Fortunately, we do not have to teach (or know) all the rules for comma placement. We do need to know and teach those rules that, if violated, are most likely to impede communication of a message.

Research into the writing people do reveals a high concentration of a very few errors. (See Connors and Lunsford, Lunsford and Lunsford, for example.) Most writers’ repeated errors are violations of rules taught in elementary school, such as confusing its and it’s or failing to mark the boundaries of a sentence with a capital letter and closing punctuation.

We must teach those few rules thoroughly, until they are as much a part of our students’ mental processes as their elbows are parts of their bodies.

Bottom line: To equip students to live in a global society, we can teach fewer rules of "good English" but must teach those few far more thoroughly than ever before.

© 2008 Linda G. Aragoni This information previously appeared at Ezine Articles.

Individual mastery plans: my best weird idea

As many people have pointed out, I do a lot of really weird stuff when I teach writing.

Sometimes the stuff I do becomes mainstream after a few decades: I began flipping my classroom during my first college teaching job back in 1970; I began doing backward design six years later as I wrote instructional materials General Electric’s Field Engineering School.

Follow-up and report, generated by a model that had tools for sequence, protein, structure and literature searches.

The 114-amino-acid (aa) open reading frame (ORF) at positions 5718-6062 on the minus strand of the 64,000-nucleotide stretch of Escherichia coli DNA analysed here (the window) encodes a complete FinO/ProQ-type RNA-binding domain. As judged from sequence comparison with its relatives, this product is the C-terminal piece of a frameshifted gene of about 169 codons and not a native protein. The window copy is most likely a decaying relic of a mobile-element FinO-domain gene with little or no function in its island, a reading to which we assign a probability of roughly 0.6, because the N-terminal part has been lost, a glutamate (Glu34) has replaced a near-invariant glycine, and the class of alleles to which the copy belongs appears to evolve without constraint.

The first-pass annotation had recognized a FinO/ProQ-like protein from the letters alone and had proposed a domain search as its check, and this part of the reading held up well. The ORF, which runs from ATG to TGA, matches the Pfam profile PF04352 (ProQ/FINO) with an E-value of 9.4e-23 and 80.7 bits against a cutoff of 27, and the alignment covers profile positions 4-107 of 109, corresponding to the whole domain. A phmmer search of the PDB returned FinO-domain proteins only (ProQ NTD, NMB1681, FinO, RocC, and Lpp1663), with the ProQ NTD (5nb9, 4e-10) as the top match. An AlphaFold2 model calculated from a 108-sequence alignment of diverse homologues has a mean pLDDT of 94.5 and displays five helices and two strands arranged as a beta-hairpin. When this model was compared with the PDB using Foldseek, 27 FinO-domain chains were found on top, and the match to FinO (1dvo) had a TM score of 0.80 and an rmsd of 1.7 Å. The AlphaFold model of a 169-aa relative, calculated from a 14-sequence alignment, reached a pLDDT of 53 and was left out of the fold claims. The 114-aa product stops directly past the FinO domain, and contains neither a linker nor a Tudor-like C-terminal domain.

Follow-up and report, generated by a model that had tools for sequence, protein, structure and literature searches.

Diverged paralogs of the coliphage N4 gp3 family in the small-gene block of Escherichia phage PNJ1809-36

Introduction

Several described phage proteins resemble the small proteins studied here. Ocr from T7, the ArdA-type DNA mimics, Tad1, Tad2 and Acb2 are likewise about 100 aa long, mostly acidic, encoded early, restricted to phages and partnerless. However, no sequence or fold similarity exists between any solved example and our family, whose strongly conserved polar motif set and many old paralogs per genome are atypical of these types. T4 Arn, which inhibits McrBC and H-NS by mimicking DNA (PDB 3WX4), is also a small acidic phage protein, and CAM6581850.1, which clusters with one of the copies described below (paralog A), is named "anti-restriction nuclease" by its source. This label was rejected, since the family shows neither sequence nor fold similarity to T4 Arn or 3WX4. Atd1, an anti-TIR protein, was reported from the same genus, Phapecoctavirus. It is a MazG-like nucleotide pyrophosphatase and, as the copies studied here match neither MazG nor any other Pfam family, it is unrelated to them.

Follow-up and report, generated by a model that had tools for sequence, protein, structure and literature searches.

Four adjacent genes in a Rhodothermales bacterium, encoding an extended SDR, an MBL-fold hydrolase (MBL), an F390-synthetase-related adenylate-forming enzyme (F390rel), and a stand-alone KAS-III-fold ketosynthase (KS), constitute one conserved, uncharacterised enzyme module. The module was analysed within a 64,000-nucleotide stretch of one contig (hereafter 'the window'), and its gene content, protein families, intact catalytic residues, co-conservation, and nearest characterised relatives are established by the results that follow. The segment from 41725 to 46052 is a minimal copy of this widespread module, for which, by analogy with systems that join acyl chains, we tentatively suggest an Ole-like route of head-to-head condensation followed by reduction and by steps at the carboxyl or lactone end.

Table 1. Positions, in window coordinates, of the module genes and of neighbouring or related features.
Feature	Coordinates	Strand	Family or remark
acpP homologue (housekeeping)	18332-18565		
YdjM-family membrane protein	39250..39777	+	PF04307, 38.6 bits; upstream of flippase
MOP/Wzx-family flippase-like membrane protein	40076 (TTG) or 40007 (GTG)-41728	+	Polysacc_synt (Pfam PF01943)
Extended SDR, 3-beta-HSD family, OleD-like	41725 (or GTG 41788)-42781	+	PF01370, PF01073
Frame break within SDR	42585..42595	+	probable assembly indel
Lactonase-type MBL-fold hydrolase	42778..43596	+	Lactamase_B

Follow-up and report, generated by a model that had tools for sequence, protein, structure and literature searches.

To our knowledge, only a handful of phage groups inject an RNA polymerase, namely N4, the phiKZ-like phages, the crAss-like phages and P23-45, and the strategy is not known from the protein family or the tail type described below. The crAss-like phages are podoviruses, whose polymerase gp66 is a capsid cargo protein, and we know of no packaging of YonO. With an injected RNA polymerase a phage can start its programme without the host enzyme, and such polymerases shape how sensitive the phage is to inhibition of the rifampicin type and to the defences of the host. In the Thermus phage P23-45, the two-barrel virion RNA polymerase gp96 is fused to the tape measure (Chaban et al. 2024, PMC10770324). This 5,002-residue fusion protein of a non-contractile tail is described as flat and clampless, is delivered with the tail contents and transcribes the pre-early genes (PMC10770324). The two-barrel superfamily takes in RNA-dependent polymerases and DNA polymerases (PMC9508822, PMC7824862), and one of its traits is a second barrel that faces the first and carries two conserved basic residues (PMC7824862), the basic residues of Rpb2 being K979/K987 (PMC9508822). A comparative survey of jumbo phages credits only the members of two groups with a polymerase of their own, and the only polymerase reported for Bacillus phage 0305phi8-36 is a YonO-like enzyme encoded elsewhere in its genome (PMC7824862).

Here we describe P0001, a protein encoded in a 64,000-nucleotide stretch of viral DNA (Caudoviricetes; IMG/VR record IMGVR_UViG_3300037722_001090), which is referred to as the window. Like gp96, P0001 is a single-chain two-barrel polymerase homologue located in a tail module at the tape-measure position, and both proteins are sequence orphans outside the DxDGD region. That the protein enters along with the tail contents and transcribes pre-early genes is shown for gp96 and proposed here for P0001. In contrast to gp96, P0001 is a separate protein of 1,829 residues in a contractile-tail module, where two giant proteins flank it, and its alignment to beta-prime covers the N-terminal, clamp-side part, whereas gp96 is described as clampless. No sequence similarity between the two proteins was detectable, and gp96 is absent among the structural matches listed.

My best weird idea

One of my best ideas is a method of attacking the written errors in grammar, punctuation, and spelling that are harder to get rid of than Lady MacBeth’s spots.

You know the ones I mean. They are intransigent errors such as:

  • Using it’s when its is called for.
  • Failing to put a comma after an introductory element in a sentence.
  • Writing unintentional fragments.
  • Using commas to splice sentences together.

They are often errors that happen because the writer was concentrating on getting ideas down, not thinking about the appearance of the text.

Or they may happen because the writer’s brain makes his fingers write the most familiar spelling of a homonym set rather than the less common spelling.

Such things are mistakes.

Let’s stop treating them as if they were tragic flaws.

Teach students to deal with them as editing issuesmistakes they can correct before anybody else sees them.